Your anti smoking campaign is unamerican. Everyone knows smoking is bad for you and will eventually kill you over time. But to attack a legal product goes against capitolism. Although smoking is a dirty and distgusting habit, it is a personal choice that millions of americans make everyday. By attacking a free commercial product because you do not agree with it, is a slippery slope. Speeding kills as many americans every year as smoking, why would you not attack auto manufacturers? Cholesteral kills millions every year, why would you not attack the food industry? My point is smoking is not a good thing, but it is a personal choice people make. To attack those who produce it and those who use it is an attack on an individual’s freedom of choice. So you may think that you’re trying to save lives, but in reality you are trying to strip americans of their freedoms.

    1. Thank you for telling the TRUTH! The newest commercials are absolutely ludicrous! The shards of glass popcicles and the 3 year old being abandoned are aimed at adults who are free to make their own choices! Meanwhile my six year old sits here in tears not understanding that these things really don’t happen it is a sickening anti-smoking commercial! Cigarette companies aren’t allowed to make commercials why are they?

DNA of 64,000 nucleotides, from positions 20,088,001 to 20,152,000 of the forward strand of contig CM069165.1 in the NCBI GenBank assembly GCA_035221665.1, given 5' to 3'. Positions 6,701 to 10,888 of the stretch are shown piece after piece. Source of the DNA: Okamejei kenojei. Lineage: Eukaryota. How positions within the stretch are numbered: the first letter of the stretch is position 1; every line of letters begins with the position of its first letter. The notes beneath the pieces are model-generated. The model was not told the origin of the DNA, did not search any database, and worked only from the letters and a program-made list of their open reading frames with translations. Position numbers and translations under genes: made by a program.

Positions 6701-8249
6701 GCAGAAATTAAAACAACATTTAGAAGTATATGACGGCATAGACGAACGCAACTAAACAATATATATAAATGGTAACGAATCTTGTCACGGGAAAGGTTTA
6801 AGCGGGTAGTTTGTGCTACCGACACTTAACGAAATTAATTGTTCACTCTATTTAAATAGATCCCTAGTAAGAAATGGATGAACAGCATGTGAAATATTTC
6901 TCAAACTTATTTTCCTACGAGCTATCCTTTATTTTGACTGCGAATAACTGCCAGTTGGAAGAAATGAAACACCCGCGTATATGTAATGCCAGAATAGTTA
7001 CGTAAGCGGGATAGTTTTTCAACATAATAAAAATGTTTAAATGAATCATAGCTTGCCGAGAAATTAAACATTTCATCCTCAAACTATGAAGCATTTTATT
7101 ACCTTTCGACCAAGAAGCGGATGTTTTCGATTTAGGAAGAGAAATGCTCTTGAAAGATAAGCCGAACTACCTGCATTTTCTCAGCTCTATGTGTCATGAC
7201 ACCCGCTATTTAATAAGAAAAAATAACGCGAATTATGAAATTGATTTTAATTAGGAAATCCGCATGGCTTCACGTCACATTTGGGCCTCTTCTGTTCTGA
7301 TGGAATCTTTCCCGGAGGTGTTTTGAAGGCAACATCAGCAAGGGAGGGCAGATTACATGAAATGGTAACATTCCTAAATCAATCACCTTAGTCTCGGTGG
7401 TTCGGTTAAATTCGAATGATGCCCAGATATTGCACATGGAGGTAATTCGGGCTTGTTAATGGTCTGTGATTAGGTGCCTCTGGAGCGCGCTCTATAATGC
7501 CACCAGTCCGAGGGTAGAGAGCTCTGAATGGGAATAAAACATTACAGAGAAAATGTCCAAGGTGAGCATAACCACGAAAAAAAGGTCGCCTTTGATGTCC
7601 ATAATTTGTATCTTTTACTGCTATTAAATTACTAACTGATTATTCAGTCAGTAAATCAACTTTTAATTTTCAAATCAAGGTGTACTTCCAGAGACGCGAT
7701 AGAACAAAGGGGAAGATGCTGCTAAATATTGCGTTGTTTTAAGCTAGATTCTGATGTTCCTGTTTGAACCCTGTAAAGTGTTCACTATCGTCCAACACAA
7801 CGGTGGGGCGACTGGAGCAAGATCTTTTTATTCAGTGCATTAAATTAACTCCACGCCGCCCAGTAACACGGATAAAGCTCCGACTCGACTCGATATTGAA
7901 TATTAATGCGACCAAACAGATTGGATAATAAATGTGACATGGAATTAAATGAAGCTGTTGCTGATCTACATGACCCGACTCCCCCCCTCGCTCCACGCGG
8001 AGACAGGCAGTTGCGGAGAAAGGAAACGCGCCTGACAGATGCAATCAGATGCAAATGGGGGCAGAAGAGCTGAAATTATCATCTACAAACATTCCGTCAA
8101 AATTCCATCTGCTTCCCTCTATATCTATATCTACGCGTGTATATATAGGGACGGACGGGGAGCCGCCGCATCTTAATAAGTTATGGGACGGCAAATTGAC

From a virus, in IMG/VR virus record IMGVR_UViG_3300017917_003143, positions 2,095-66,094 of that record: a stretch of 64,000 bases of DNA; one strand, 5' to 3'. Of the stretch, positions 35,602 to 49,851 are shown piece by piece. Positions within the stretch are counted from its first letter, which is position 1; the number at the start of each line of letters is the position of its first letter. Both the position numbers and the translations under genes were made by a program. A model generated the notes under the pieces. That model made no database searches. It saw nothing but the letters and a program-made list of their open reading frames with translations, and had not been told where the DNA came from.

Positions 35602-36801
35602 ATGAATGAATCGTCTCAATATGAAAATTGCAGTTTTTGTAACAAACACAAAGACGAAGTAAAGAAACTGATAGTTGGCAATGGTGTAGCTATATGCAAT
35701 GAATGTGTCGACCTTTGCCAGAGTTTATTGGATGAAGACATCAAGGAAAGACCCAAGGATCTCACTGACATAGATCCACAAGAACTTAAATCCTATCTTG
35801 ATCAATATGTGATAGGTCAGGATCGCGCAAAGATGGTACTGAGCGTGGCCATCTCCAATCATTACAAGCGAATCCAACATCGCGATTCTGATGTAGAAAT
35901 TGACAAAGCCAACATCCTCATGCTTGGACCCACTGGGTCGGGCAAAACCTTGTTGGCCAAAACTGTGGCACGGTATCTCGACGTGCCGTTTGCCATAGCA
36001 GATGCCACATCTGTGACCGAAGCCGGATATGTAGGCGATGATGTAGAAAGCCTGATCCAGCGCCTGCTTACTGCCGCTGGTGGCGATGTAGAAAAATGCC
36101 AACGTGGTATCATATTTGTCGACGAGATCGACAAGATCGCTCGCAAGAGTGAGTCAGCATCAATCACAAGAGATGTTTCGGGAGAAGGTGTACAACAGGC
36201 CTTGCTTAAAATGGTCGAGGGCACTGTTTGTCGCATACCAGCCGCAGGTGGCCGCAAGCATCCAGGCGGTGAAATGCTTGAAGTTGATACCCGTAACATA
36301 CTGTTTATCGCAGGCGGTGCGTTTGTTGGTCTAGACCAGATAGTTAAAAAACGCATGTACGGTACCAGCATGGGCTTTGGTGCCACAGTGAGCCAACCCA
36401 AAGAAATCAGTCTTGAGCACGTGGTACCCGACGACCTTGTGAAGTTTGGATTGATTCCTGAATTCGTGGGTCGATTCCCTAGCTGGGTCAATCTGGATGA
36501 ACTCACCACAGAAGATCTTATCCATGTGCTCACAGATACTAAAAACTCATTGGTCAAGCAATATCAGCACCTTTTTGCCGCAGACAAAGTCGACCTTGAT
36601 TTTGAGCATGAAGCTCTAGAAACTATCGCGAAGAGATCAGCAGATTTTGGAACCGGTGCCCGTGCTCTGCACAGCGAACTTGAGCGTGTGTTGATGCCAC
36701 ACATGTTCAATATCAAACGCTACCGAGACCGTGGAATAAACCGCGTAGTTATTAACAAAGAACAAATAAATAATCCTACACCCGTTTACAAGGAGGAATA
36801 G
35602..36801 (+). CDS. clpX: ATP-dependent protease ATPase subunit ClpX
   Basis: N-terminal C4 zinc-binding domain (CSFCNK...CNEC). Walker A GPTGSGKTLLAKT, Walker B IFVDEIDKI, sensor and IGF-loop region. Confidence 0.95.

5. Hello. I have a 30 second ad, I’d like to submit. I haven’t seen one like it and it shows the benefits to quitting in a different light. The Ad will be ready in the second week of Sept. How do I go about submitting this ad to you?

  6. Please help, I am looking for the TV ads featuring the talking, smoking lab rats. I am sure they were put out by Truth. Maybe possibly send a link?

  7. I am smoking right now, I’ve been smoking for 51 years and I love it. You people need to get a life and stop trying to control other people with your stupid advertisements.
    It is none of your business. In this country you are suppose to have freedom of choice and smoking is what I choose.I would rather die smoking then to listen to your crap and your fear tactics. You are doing just what the current administration is doing. You are trying to create fear in people. Well I’m not afraid. When it is my turn to go, I will celebrate getting out of this f**k up world!!! So go feed your bullshit to someone else.

  8. I agree with Wynn, all your ads do is piss me off or make me laugh, anti-smokers are preachy little bastards, also everything causes cancer so you just have to live your life to the fullest because you’ll die soon enough cigarettes or not.